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Constitution of the Indian Mind

American History, Volume I: Aboriginal America (New York: Sheldon, 1860)


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270 CONSTITUTION AND CHARACTER

tions of their race, from their earliest arrival upon these shores to the present time.

THE TWO GREAT MEANS OF CIVILIZATION.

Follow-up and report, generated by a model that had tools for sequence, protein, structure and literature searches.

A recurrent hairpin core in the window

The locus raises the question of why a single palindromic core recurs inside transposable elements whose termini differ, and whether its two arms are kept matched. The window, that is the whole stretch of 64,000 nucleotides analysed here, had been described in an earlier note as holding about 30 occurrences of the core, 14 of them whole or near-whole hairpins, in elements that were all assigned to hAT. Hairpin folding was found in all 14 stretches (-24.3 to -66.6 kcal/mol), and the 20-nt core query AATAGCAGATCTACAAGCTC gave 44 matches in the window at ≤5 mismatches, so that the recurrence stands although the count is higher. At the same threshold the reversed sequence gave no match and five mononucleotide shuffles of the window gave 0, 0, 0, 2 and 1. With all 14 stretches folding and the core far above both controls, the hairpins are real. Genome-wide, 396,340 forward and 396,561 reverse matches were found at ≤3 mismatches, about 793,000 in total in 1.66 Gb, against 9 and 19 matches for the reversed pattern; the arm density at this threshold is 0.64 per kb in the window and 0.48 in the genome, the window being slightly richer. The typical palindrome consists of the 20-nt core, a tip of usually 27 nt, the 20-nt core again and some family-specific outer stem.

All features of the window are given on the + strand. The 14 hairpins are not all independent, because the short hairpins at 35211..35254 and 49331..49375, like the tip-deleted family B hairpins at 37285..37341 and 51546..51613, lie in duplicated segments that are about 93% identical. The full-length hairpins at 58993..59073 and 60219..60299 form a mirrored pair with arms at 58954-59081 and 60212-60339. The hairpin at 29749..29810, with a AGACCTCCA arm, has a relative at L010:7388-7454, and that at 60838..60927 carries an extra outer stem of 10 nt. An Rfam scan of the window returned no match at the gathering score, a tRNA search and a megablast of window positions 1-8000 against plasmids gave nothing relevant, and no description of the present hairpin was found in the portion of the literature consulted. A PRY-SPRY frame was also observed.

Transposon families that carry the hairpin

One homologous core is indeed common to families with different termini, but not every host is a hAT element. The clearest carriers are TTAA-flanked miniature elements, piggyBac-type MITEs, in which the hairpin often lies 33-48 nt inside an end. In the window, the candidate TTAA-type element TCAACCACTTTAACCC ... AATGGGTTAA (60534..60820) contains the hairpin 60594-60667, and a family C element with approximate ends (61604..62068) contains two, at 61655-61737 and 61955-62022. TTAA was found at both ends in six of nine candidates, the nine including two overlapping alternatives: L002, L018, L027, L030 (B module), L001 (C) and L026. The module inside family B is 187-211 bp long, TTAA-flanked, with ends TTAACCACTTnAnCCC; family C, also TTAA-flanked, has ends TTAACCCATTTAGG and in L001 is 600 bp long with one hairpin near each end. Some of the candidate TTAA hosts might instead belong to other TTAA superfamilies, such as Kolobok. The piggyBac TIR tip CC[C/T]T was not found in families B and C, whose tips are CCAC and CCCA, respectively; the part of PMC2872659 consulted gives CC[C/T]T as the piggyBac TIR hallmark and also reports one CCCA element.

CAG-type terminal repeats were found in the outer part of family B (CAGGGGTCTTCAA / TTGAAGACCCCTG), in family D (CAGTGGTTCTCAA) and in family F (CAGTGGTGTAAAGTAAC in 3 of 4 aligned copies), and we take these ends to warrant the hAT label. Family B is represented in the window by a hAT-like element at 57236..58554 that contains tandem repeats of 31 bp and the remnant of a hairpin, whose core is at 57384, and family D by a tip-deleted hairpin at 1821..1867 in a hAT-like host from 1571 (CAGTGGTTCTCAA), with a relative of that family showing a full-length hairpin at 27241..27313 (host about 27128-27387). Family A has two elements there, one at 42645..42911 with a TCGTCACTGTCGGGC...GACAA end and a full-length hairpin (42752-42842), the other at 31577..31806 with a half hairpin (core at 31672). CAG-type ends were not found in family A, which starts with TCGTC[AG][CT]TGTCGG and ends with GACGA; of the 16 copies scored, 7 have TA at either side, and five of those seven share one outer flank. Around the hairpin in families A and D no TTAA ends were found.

But whatever we may think of the intellectual inferiority of the Indian race, the slowness of their progress in the arts of life was not due wholly to that cause. There are two great essential elements without which civilization can never make any rapid progress, or attain to any great height, in any nation. These two elements are iron, and the art of writing. With the possession of iron to make implements and tools, one man, it is found; can produce the food of ten, thus leaving the other four of the half of the community that we may suppose to be able-bodied, to be employed in other occupations. It is in consequence of this release of so large a portion of the community from the labor of procuring food, through the aid afforded by iron, that arts and inventions arise. Whereas without iron, it requires five men to produce the food of ten, and the other five consist of the very young, the very old, the sick and the infirm. So that, without iron, nearly the whole available strength of the community is required for the production of food, the surplus that remains being barely sufficient to provide, in the simplest possible



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